Local wind patterns are normally caused by the heating of land surfaces, whereas the global, large-scale atmospheric wind patterns are generally caused by either the temperature differences between the equator and the poles, and the actual rotation of our planet, known as the Coriolis effect.
Different geographic areas can experience specific variations, such as in the tropics and sub-tropics, where thermal low air circulations can cause monsoons, and in coastal areas where the sea breeze and land breeze cycle can generate localized wind patterns.
Where the land meets the sea, solar radiation causes land to heat faster than water, meaning that coastal areas can experience gentle breezes as the sun rises.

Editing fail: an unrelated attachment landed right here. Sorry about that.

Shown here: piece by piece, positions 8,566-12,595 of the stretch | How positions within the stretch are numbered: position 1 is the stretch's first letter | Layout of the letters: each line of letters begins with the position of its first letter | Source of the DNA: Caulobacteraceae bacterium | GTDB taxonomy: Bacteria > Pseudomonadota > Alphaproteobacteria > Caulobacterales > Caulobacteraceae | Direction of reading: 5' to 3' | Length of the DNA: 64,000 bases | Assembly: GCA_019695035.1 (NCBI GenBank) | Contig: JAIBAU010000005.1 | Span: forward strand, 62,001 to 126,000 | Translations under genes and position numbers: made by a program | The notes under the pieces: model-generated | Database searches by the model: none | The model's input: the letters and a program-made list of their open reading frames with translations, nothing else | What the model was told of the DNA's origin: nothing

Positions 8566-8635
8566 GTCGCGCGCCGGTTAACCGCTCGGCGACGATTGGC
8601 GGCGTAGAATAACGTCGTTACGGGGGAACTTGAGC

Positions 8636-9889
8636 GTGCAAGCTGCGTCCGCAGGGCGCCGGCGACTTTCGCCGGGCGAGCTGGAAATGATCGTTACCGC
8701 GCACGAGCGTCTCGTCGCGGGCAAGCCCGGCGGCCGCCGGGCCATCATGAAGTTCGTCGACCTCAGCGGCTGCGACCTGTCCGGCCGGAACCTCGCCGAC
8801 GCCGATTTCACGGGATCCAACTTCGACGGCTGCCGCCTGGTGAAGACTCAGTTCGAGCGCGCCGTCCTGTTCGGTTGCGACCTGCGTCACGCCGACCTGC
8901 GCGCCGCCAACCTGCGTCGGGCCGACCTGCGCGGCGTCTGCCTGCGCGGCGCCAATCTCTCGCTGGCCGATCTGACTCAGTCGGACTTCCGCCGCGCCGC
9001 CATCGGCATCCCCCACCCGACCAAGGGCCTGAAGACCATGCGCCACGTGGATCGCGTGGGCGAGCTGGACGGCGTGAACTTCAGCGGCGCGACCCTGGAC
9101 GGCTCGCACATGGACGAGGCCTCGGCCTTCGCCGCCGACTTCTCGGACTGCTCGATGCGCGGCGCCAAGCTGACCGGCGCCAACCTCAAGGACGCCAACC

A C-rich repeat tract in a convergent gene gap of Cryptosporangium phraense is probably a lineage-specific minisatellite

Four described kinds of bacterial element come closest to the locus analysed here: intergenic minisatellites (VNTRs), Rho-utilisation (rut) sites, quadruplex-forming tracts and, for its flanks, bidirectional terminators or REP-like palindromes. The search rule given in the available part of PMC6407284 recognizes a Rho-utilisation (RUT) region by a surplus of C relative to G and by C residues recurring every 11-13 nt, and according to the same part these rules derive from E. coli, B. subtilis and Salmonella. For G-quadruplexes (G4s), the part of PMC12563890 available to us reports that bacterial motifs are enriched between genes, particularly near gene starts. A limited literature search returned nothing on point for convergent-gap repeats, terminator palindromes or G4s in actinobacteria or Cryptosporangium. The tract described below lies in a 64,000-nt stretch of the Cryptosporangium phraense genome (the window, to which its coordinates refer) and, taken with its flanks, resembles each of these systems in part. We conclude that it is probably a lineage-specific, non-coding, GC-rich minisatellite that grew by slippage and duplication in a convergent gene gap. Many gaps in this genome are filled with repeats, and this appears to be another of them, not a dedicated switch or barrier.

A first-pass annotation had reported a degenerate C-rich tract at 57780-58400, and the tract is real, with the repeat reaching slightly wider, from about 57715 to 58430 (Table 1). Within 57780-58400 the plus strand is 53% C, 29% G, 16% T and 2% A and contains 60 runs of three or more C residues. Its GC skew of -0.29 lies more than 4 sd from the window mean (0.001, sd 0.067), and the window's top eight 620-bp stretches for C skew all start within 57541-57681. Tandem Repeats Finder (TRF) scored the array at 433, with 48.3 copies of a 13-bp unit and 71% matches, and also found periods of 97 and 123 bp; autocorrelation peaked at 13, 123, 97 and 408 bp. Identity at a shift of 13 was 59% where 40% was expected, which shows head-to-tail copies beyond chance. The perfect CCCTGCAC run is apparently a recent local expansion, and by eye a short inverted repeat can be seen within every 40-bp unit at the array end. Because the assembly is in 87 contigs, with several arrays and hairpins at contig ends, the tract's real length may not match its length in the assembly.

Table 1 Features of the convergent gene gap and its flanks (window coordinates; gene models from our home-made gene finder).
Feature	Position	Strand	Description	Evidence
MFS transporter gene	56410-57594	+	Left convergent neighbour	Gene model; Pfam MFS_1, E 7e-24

Wind can even shape the surface of our earth; through the process of aeolian, wind can mold and shape land formations by eroding, transforming and transporting materials across the land. Sand dunes are constantly changing shape and even seem to move by the process of sand being deposited on their windward side, which eventually collapses under its own weight.
The power of the wind has been harnessed through time for transportation. It powered the sailing ships that were used to cross the Nile by the ancient Egyptians, and the tea clippers (such as Cutty Sark ) that opened up trade routes around the world. The fastest sailing ship is currently the “Syroco vs SP80”, which can travel at an astounding 78mph only using the power of the wind.